- traefik.http.middlewares.nextcloud.headers.stsPreload=true
  - traefik.http.middlewares.nextcloud_redirect.redirectregex.permanent=true
  - traefik.http.middlewares.nextcloud_redirect.redirectregex.regex=^https://(.*)/.well-known/(card|cal)dav
  - traefik.http.middlewares.nextcloud_redirect.redirectregex.replacement=https://$${1}/remote.php/dav/

Traefik uses "Routers, Services, and Middlewares" for each service, requiring at least one Traefik Router.

Load Balancers / External (IP) Addresses and Devices in the Network

In /home/pi/ei23-docker/volumes/traefik/traefik/dynamic/config.yml, an external "Loadbalancer" is created for Home Assistant since it runs outside the Docker network. (Note: Correct indentation is crucial - the Yaml Parser expects it.)

      rule: Host(``)
      service: home-assistant
        certresolver: letsEncrypt

          - url:

This points to an HTTP URL instead of a Docker container. The URL is then encrypted using the "certresolver."

Traefik Setup / Creating SSL Certificates

Traefik itself runs as a Docker container. In the current version of the ei23 Smart Home Server, Traefik is pre-configured, requiring only minor adjustments.

Docker-Compose for Traefik

  image: traefik:v2.4
  container_name: traefik
    - "80:80" # as internal http
    - "591:591" # as external http
    - "2280:8080" # config port
    - "443:443"
    - /var/run/docker.sock:/var/run/docker.sock:ro
    - ./volumes/traefik/traefik/:/etc/traefik/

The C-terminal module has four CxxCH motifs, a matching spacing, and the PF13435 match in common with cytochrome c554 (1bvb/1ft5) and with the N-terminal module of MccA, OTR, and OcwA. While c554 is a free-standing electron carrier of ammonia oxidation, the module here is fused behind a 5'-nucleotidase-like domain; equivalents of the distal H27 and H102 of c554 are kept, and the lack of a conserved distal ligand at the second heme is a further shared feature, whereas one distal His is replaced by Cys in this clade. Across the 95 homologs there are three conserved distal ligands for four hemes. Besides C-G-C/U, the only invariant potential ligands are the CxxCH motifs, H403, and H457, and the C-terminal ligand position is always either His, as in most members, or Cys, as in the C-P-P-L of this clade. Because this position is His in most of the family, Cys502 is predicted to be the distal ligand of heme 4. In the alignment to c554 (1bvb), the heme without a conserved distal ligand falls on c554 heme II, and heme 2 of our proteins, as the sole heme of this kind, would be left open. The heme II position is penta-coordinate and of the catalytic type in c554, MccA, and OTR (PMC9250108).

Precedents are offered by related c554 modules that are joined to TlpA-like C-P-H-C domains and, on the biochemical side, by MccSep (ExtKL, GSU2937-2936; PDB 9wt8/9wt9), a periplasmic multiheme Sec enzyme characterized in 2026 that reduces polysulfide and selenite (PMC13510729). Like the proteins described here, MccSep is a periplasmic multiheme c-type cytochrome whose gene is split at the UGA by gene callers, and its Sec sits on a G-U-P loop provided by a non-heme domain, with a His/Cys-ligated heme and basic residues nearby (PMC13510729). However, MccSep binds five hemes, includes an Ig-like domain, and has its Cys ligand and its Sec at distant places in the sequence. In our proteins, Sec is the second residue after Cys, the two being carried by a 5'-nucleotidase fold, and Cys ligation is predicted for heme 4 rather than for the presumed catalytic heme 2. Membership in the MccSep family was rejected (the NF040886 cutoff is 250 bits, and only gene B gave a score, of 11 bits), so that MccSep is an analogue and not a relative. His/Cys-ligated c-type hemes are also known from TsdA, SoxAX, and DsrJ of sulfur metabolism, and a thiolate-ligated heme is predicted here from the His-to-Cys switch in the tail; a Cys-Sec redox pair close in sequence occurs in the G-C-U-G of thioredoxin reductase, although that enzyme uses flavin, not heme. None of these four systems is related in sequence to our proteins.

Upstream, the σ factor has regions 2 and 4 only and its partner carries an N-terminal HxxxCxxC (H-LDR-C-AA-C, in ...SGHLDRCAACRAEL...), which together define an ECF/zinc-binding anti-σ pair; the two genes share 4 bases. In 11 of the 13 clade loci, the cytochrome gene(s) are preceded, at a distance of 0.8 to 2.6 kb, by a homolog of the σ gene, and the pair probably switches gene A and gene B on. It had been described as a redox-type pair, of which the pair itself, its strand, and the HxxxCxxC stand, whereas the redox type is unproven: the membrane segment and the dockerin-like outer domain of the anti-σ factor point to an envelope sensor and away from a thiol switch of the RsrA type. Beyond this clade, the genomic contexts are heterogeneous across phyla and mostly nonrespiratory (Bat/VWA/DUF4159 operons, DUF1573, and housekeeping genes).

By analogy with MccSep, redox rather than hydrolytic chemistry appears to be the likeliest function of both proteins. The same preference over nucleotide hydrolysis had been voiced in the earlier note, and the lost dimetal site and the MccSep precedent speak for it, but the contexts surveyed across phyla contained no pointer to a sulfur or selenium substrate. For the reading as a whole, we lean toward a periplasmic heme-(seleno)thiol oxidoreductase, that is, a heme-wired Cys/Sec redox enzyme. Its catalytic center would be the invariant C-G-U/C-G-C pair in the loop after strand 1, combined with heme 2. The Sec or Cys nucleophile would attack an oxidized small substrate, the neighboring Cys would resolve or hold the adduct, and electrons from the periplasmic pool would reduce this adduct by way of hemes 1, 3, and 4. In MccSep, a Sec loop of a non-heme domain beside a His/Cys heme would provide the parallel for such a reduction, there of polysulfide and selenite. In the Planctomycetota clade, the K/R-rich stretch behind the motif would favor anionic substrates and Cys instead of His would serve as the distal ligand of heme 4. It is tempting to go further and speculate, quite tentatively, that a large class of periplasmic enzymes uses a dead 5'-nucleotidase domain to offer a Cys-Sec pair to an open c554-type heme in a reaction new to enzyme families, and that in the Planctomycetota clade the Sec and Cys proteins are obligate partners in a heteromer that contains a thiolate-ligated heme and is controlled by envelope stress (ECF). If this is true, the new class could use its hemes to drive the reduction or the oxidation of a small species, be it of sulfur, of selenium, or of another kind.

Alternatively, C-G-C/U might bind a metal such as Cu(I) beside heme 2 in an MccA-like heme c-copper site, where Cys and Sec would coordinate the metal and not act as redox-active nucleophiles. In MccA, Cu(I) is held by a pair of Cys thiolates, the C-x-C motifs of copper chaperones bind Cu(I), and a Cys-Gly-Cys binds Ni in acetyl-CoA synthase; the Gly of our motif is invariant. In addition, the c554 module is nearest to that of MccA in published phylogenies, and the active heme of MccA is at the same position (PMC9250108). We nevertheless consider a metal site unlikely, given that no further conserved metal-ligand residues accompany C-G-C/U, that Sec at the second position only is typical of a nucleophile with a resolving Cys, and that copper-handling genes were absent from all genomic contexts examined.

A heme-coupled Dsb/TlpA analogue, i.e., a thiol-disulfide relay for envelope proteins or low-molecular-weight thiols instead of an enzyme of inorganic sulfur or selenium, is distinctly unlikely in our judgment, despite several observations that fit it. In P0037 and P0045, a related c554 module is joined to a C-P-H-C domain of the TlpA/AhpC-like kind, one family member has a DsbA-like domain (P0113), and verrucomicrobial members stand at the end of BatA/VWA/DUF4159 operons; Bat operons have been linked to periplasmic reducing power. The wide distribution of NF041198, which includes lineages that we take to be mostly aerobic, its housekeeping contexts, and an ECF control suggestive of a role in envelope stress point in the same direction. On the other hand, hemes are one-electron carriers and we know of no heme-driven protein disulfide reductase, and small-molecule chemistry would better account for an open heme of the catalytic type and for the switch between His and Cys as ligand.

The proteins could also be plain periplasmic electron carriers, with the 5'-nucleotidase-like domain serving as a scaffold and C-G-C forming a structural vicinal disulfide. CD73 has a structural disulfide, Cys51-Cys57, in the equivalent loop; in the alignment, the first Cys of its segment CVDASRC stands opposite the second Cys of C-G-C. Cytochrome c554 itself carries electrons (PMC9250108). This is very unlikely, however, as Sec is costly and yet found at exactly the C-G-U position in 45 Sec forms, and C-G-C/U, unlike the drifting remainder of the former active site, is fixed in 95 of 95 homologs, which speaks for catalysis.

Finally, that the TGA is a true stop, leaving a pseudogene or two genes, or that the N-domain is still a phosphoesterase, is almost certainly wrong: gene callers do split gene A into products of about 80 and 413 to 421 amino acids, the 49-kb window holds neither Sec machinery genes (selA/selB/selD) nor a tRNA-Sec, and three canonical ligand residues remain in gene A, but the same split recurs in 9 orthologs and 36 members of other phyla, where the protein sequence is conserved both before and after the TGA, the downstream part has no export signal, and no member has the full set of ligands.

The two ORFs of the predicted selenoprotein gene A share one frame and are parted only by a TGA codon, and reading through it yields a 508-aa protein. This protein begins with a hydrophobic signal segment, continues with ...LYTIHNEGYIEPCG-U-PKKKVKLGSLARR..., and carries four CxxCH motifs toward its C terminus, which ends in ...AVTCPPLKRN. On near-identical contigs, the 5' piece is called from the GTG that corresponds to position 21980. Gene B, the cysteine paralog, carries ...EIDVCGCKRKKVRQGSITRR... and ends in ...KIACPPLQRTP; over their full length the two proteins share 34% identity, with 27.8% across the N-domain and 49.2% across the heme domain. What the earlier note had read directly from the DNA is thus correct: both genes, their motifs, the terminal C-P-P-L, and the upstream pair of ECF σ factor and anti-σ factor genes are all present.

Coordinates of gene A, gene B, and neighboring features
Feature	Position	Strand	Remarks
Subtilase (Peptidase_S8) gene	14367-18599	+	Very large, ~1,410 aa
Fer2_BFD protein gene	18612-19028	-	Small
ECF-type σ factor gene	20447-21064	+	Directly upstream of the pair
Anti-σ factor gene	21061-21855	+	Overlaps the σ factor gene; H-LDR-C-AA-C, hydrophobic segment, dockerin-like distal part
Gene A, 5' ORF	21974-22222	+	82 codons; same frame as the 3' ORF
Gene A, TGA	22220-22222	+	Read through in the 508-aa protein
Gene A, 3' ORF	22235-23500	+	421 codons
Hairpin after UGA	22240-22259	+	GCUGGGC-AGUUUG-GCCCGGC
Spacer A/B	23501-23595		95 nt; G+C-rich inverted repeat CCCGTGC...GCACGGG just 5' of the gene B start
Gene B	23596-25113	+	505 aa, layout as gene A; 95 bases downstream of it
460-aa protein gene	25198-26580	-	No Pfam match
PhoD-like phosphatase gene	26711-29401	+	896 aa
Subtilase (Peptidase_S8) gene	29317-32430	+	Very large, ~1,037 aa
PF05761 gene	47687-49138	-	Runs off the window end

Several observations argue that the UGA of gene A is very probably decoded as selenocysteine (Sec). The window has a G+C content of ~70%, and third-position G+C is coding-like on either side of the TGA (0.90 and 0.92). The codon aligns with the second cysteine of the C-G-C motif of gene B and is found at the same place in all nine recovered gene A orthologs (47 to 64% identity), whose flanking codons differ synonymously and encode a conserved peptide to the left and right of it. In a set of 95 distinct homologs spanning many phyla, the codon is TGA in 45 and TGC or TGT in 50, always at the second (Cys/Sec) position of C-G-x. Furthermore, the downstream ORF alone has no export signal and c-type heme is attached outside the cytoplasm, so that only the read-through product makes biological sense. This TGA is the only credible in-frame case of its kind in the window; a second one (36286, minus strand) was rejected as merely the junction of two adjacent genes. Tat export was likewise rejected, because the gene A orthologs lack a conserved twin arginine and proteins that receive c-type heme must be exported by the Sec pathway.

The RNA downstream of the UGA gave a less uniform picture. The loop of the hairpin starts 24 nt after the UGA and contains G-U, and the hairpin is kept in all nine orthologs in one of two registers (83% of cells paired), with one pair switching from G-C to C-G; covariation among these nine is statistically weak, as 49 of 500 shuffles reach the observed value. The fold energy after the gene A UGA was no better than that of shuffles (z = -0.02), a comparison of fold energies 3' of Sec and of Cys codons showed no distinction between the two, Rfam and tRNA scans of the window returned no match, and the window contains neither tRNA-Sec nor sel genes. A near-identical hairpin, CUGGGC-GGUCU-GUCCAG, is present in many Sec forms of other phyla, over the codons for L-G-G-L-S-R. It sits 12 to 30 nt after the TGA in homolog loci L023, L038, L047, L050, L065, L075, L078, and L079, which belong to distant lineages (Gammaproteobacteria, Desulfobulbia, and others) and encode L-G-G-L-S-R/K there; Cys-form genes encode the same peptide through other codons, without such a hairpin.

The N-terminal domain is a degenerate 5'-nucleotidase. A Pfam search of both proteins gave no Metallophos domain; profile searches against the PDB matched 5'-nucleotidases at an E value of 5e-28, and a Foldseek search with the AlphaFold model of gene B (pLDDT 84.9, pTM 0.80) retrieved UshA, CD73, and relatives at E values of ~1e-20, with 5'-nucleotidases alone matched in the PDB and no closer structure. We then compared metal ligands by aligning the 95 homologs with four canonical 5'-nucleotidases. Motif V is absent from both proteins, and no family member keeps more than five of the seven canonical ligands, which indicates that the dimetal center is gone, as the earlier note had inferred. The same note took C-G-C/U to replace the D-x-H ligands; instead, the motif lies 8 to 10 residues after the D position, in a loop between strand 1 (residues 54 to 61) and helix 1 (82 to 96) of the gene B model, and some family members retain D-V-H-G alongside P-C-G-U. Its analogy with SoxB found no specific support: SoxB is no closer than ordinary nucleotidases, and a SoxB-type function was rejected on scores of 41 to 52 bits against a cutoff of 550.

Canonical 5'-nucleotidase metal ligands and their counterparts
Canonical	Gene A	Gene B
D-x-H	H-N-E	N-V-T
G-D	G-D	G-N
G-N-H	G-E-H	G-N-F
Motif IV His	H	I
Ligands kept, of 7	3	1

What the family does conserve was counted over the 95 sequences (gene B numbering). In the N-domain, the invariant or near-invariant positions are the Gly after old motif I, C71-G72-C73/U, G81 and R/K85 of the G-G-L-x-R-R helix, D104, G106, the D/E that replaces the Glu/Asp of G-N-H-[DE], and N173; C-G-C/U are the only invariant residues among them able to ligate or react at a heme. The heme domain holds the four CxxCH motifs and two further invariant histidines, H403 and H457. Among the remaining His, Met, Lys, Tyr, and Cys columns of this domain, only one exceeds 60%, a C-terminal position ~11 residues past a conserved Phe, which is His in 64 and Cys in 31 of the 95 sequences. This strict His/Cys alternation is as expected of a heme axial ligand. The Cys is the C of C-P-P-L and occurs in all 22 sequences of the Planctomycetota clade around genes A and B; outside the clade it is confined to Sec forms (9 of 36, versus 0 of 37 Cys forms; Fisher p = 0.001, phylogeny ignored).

- ./volumes/traefik/letsencrypt:/letsencrypt
  restart: unless-stopped

In /home/pi/ei23-docker/volumes/traefik/traefik/traefik.yaml:

    address: :80
    address: :591
          to: web-secured
          scheme: https

    address: :443

      storage: /letsencrypt/acme.json
      caserver: # Testing caserver
      # caserver:
        entryPoint: web

Three entry points (lan, web, web-secured) are defined, each serving different purposes. Port 80 is reserved for internal HTTP (lan), port 591 is for external HTTP (web), and port 443 is for HTTPS (web-secured). SSL is used for encryption.

After running Docker Compose (ei23 dc) and restarting Traefik, Traefik reads the labels, and certificates are generated. Before creating a certificate, ensure to provide an email address for receiving certificate expiration or security-related warnings.

Let's Encrypt kindly provides free certificates, but there are daily and weekly limits on their usage. During testing, use the "staging" caserver, which issues unofficial certificates.

A good web browser issues a warning when accessing an address with an insecure or fake certificate. Accept the warning, verify that all desired services are reachable, then switch from the staging caserver to the official one. Official certificates are generated, and the web services are officially accessible after a short time.

If Traefik and port forwarding are correctly configured according to this guide, the file /home/pi/ei23-docker/volumes/traefik/letsencrypt/acme.json gradually contains lines with keys for different domains/subdomains.

This basic configuration should provide more than enough functionality for a home server. For further exploration, Traefik has excellent documentation: